I don't mean to rock the boat, and a mod can feel free to delete my post if they feel its inappropriate or "rude," but I simply don't agree with this mindset.
I certainly understand where this is coming from, from a business perspective it's important for WUS to pander to the "customers" who buy ad space to a certain extent. However, I also think that the visitors to this site are "customers" in our own right - the reality is that the advertisers come because we, the consumers, are here; it's not the other way around, we aren't coming to see the advertisements.
As a consumer I don't appreciate this type of attitude - I don't enjoy feeling like someone is trying to fool me, take advantage of me, pull a fast one on me, etc.. I find it quite rude and insulting to feel like AD's are essentially trying to be dishonest and take advantage of their customers.
This is essentially the same approach that car dealerships take, and I don't think that's a positive thing. There's a reason that many people hate the idea of visiting a car dealership and having to negotiate the deal because they know that the sticker price isn't the "real" price, but they aren't confident that the "real" price is a good or fair price, so the whole thing is a major headache, a pain, and a stressful experience. Do AD's want to be considered comparable to a used car salesman? Is that really the experience that TAG Heuer and TAG Heuer's AD's want to create for their customers?
The fact of the matter is that no AD is going to sell a watch at a price that they don't find acceptable. If they aren't making money off of the deal, then they simply say "no" to the sale. Certainly they'd like to make more money on the sale, but by the same token the purchaser would like to pay less. Just like no one would expect an AD to sell at a loss, we also shouldn't expect them to sell at an inappropriate gain.
When people discuss the details of the deals they get, the purpose is not to inform others of how to take advantage of an AD or get them to sell at a loss - as noted, that's simply not going to happen. These deals are discussed because we simply want to feel that we've been treated fairly and with the respect that we deserve. No one wants to find out that their neighbor payed less for the same product just because they negotiated better. Importantly, we are too often left questioning whether that has actually occurred when we deal with AD's representing TAG Heuer (or any other brand for that matter) - and if you're questioning whether you got fleeced, then you aren't as satisfied with your purchase, you aren't as satisfied with TAG Heuer, you aren't as satisfied with the AD, and you simply aren't as happy; that only leads to negatives.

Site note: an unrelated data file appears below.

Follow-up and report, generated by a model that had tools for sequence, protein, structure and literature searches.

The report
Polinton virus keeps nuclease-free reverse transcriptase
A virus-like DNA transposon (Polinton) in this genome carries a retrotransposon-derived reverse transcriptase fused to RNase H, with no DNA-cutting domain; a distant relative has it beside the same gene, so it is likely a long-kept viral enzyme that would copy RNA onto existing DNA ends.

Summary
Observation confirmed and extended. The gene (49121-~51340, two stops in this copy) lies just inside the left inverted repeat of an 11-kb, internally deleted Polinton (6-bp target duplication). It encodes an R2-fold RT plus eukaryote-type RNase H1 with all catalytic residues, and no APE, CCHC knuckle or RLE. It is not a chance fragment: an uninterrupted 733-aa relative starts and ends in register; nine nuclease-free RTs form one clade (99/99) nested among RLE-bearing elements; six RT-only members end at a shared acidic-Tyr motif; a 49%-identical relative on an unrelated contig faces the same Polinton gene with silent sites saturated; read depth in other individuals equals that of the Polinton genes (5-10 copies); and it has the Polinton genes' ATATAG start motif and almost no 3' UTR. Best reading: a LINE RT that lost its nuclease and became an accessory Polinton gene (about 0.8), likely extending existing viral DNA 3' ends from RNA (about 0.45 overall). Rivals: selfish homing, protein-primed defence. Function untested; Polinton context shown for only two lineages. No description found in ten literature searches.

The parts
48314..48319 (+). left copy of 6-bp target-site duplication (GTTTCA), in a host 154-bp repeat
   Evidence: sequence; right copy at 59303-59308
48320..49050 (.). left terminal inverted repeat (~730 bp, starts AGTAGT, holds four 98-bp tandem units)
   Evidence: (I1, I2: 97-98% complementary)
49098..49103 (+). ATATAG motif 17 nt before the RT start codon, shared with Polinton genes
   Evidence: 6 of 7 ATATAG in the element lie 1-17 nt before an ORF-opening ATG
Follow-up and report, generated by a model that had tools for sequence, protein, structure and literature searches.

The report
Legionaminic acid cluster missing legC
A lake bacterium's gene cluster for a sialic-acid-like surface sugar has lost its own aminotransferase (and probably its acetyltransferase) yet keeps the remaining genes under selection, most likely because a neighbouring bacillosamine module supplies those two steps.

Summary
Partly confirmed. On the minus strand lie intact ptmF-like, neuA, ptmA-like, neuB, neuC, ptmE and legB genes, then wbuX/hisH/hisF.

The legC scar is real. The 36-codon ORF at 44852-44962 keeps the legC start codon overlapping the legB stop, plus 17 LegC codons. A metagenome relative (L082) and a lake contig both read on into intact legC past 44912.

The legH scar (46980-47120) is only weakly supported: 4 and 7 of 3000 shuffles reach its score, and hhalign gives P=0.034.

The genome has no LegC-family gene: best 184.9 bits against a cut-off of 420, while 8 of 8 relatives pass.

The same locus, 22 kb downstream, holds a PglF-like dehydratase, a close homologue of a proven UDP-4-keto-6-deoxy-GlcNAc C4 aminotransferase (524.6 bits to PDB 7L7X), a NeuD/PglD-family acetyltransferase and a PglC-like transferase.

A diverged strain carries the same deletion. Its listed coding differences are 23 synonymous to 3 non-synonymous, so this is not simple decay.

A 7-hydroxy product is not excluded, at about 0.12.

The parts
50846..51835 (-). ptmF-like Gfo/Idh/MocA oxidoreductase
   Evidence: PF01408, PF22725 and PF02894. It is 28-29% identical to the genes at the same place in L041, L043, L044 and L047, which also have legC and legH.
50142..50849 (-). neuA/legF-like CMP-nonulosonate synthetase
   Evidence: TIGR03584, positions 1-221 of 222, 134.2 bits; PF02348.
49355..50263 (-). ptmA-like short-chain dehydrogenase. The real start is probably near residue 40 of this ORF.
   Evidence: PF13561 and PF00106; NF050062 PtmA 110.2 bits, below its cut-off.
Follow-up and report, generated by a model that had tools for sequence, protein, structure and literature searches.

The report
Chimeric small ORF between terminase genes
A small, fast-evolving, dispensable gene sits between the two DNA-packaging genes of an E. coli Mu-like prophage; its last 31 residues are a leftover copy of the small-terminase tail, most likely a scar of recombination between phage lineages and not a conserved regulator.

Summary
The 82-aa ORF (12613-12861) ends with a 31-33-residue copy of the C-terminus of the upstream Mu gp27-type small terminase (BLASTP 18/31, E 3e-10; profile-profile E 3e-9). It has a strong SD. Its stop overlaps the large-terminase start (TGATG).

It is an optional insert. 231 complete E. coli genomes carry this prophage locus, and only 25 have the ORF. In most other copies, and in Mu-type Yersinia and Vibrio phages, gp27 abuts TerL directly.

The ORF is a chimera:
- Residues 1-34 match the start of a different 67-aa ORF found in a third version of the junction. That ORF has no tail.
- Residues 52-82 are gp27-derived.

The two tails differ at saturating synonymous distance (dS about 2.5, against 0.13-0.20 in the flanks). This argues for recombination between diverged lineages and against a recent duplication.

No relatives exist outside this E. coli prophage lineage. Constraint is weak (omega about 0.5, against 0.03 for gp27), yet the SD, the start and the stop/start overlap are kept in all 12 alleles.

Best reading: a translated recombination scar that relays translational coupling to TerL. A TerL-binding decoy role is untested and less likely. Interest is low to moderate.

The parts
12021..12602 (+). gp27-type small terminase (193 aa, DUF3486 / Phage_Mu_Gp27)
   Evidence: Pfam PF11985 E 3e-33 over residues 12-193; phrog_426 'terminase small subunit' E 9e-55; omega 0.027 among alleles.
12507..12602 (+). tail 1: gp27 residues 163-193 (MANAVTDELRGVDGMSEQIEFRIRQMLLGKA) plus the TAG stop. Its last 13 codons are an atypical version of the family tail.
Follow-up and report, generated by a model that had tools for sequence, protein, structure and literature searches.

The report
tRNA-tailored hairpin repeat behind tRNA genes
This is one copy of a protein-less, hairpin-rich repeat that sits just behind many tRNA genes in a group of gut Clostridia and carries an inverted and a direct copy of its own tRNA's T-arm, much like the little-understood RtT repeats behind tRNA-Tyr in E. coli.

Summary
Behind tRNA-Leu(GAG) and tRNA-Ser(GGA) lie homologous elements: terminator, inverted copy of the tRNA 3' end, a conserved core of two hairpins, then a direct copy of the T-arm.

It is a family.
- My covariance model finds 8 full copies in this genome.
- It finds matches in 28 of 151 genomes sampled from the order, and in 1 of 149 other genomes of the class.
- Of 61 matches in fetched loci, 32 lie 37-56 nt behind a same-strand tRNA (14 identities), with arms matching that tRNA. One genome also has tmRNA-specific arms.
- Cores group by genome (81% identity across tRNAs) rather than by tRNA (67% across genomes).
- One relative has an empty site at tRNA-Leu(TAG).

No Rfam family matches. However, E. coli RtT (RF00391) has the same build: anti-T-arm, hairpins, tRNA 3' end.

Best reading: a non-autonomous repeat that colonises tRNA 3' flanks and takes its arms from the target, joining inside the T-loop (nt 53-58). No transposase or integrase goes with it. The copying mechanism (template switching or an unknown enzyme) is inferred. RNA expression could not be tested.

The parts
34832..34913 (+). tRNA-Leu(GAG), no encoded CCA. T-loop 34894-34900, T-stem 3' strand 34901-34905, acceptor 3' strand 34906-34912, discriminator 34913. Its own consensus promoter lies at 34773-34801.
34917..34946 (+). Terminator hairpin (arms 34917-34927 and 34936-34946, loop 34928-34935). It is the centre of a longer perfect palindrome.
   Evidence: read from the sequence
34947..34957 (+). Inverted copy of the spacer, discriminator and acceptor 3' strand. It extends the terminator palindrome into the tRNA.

What I'd like to see is for TAG Heuer and TAG Heuer's AD's to treat us, the customers, with respect. Give us a fair price and stand behind it. Don't treat every sale as an opportunity to see how much you can get out of us. That's not how I treat my clients in my profession, and that's not how I want to be treated when I'm the client.
I'd also argue, from a business perspective, an AD would be hurt rather than helped by selling a watch at a higher price above the true "market value" - an unhappy and dissatisfied customer is more damaging than making a hundred dollars less on the deal. Don't you want to buy from an AD that has earned a reputation for offering good, fair deals, rather than an AD where you are eternally questioning whether you're made a fool who is being parted from his money?
At the end of the day, if they were to do this, to create a clear and fair pricing policy that they can stand behind, then I bet they'd see an increase in customer satisfaction, an increase in customer loyalty, an increase in sales, and an increase in profits - and isn't that what they're ultimately after?
So I don't think TAG Heuer or any AD's should be afraid of customers discussing the deals they've gotten. They should appreciate having satisfied customers who then go out and become ambassadors for them, and they should appreciate the additional business that is driven by this discussion.
Again, I apologize if this post is inappropriate or misplaced, and I also apologize for the length (if I had more time, I would have written less ). It's simply my opinion on this issue, and as someone with an interest in business strategy, I feel fairly strongly about it from that standpoint. I also feel fairly strongly as a consumer who's been left feeling like I got taken advantage of in similar pricing situations. I think it's important to stand up for the consumers and provide a different perspective.